© Copyright Cyprus Mail 1999

    A:hover {color: #800000; font-family: Arial; font-weight: bold}

    Wednesday, September 29, 1999

    [09] Salamis: the human side of a historic excavation

    By Jean Christou

    A NEW book detailing the "human side" of 22 years of excavations at the ancient city site of Salamis, now under Turkish occupation, will be launched in Nicosia today.

    The text of the book, Excavating at Salamis in Cyprus 1952-1974, enriched with over 200 photographs, was written by renowned Cypriot archaeologist Dr Vassos Karageorghis, author of more than 70 books, who was personally involved in the excavations.

    The 22 years of excavations at Salamis were no doubt the largest in extent and among the most important carried out in Cyprus in the last 50 years, continuing until the very week of the invasion.

    Much has already been written about the excavations, but this is the first non-scientific book.

    "There is however an aspect of the 22 years of excavations at Salamis which is not quite so well known: the human aspect," said Karageorghis. "How a handful of archaeologists and technicians managed to deal with the enormous problems of excavation and restoration. How the citizens of Famagusta and the inhabitants of the neighbouring villages participated in the this venture throughout."

    Anna Marangou, who penned one of the appendices to the book, said yesterday that residents from the nearby villages of Ayios Georghios and Engomi had taken part in the work.

    "I'm especially happy that these memories and pictures have been put together in one volume to pass on to our children and grandchildren," she said.

    Salamis flourished for almost 15 centuries from the period of its foundation in the 11th century BC as the most important ancient kingdom of Cyprus.

    During the classical period, it was considered to be the capital of the island and the champion among all other kingdoms in the wars of independence against the Persians.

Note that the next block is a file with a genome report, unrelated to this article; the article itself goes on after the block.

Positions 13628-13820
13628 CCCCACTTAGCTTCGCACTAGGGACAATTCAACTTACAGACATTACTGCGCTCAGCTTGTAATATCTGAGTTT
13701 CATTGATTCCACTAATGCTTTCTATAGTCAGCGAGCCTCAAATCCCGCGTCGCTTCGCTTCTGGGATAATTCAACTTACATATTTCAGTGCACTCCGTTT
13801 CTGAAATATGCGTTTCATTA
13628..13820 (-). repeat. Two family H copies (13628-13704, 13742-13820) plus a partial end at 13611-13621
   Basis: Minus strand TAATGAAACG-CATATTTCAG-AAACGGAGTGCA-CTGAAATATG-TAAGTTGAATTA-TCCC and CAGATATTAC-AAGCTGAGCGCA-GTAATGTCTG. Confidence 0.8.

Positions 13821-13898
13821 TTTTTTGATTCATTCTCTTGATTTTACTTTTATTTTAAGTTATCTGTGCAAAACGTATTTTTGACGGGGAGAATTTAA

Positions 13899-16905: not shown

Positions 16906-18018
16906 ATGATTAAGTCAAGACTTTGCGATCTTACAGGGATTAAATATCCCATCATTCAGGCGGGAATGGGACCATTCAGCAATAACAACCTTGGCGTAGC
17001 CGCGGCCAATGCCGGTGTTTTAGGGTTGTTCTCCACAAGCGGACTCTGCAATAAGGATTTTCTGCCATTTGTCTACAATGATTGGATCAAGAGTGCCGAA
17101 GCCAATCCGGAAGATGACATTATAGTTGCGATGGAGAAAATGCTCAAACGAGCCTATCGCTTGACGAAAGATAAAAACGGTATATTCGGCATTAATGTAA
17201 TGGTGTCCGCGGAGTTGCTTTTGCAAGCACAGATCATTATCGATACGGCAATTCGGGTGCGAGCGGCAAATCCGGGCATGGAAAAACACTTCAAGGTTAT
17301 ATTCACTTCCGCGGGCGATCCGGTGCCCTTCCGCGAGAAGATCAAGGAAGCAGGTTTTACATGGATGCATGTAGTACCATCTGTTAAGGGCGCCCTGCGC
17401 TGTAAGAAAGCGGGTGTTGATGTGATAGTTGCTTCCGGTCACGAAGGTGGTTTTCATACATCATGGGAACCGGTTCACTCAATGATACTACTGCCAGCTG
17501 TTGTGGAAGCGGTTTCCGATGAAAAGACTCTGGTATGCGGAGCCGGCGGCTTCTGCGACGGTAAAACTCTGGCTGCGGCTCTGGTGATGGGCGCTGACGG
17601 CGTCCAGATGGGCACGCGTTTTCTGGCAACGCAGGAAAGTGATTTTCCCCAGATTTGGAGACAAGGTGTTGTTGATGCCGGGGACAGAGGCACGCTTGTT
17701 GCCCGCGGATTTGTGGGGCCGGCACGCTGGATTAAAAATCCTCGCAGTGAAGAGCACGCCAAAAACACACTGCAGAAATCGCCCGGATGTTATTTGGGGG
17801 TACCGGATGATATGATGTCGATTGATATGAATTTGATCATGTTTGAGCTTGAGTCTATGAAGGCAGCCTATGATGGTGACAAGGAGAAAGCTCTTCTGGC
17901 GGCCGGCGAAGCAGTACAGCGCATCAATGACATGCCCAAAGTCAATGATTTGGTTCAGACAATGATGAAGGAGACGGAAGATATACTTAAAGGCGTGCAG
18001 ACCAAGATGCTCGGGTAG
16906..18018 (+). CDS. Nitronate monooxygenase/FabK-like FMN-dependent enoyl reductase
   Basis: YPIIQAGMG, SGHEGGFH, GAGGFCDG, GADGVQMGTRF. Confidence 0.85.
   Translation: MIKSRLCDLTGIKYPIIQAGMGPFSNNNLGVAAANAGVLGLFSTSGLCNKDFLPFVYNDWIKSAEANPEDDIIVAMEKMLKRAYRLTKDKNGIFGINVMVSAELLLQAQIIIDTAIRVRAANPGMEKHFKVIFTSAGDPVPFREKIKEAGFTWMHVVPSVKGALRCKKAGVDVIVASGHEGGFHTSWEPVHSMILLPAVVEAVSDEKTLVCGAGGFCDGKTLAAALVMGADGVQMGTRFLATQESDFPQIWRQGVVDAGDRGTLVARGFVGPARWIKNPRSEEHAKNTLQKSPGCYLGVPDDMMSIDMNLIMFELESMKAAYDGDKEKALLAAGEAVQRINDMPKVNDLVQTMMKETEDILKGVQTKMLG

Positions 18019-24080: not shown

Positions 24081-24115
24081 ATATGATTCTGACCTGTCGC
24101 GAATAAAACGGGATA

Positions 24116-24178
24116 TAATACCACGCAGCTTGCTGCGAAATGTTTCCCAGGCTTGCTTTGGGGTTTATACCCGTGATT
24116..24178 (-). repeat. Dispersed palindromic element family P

Salamis was destroyed by repeated earthquakes in the middle of the 4th century AD but was quickly rebuilt as a Christian city by the Emperor of Constantinople, Constantius.

    The Arab invasions of the 7th century AD put an end to the life of the ancient city of Salamis. Traces of the fire which destroyed the city were still visible on the sandstone surface of the walls of the public buildings when they were excavated, and thick layers of ash were mixed with fallen debris all over the city.

    In the past 50 years, Salamis became a national monument, a symbol for the Greeks of Cyprus. Its public buildings, especially its large theatre, were often used after restoration for the presentation of Greek tragedies.

    Karageorghis' book, with its 206 pages of text and 242 photographs both black and white and colour, provides easy reading and is bound to bring back memories of unforgettable experiences.

    "Of all my books, this book is the closest to my heart," Karageorghis told journalists yesterday. "I wanted to give something to the wider public, not something scientific but something emotional."

    Excavating at Salamis in Cyprus

    will be launched at the premises of the Anastasios G Leventis Foundation on Nicosia's Gladstone Street tonight. It costs £18.
    Cyprus Mail: News Articles in English Directory - Previous Article - Next Article
    Back to Top
    Copyright © 1995-2023 HR-Net (Hellenic Resources Network). An HRI Project.
    All Rights Reserved.

    HTML by the HR-Net Group / Hellenic Resources Institute, Inc.
    cmnews2html v1.00 run on Thursday, 30 September 1999 - 0:01:18 UTC